I couldn’t get into Rats Saw God by Rob Thomas until I put it in context. I was confused by the cultural references and where today’s teens fit into it. I did the obvious and flipped to the publication date: 1996. Then it all made sense. The book became exponentially better. Especially since it takes place in high school, and mid-1990s high schooling is one of my areas of knowledge.
Oh yeah. This is young adult fiction.
Steve York’s parents have divorced, and despite the arrangement that he spend the school year in Texas with his father — a semi-famous man he refers to as “the astronaut” because he is an astronaut, Steve is back in California with his mom. His guidance councilor, meeting him over an infraction involving weed on school property, discovers that Steve York is smart. One of two merit finalists in the school. So why is he in danger of flunking English? Good question. The councilor assigns him a 100-page writing assignment. Steve’s story shoots back and forth between present day in California and why he was driven out of Texas.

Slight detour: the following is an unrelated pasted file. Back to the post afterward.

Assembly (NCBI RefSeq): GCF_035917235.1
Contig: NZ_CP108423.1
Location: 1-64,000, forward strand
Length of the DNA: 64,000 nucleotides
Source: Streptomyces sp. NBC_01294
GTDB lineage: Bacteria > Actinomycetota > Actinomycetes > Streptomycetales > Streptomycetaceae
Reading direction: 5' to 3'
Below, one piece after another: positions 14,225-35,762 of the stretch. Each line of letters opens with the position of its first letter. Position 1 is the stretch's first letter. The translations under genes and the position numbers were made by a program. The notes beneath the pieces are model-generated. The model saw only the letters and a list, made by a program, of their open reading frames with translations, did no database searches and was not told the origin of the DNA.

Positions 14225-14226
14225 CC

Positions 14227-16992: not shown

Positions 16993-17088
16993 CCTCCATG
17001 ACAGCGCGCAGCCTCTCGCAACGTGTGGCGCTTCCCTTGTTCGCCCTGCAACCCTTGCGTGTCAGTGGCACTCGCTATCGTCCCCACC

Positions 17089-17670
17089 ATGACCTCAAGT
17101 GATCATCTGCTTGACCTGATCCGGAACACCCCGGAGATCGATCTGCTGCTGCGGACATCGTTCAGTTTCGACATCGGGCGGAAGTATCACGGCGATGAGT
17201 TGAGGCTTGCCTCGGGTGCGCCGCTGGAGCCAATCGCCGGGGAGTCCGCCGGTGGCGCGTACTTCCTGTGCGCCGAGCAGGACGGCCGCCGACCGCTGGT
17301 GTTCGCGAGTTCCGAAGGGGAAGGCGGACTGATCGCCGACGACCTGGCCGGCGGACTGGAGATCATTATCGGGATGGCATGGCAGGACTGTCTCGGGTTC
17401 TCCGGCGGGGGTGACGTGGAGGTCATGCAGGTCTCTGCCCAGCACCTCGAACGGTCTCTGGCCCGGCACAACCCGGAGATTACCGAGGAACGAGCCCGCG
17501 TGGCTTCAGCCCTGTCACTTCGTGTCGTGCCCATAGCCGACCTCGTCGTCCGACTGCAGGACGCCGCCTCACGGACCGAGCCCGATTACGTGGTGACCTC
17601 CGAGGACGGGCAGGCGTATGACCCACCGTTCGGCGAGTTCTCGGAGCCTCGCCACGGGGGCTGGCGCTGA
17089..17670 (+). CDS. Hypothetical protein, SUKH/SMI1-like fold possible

Obviously, this story involves a girl.
Kurt Cobain references; Sinead ripping up a photo of the pope; the casual dress of a non-girlie girl; the entire Seattle slacker vibe, as interpreted by a super-smart high school boy. This book is really cute and written in that sassy voice Rob Thomas used to make me love Veronica Mars.
“I spent the next hour in front of my bathroom mirror on a blackhead search and destroy mission. The assignment was treacherous. Squeeze one before it’s properly aged and you end up with a pinball stuck just inside your cheek. Allow one to fester and you learn on a midnight trip to the men’s room that your face resembles Pompeii. Concluding the job with a Q-tip and alcohol rubdown, I skipped the standard intermission for the red pinchy marks on my face to return to uniform paleness, confident I would run into neither Winona Ryder nor Dub before I regained an unscourged look.”
This book totally took me back to high school and early college. The smell of beer breath, the silk shirts boys wore to dances. The way girls could be cute without being conventionally pretty in a way that doesn’t seem to exist now. And students making a grand show of being nonconformists.
Sometimes I think the 90s were better than I gave them credit for.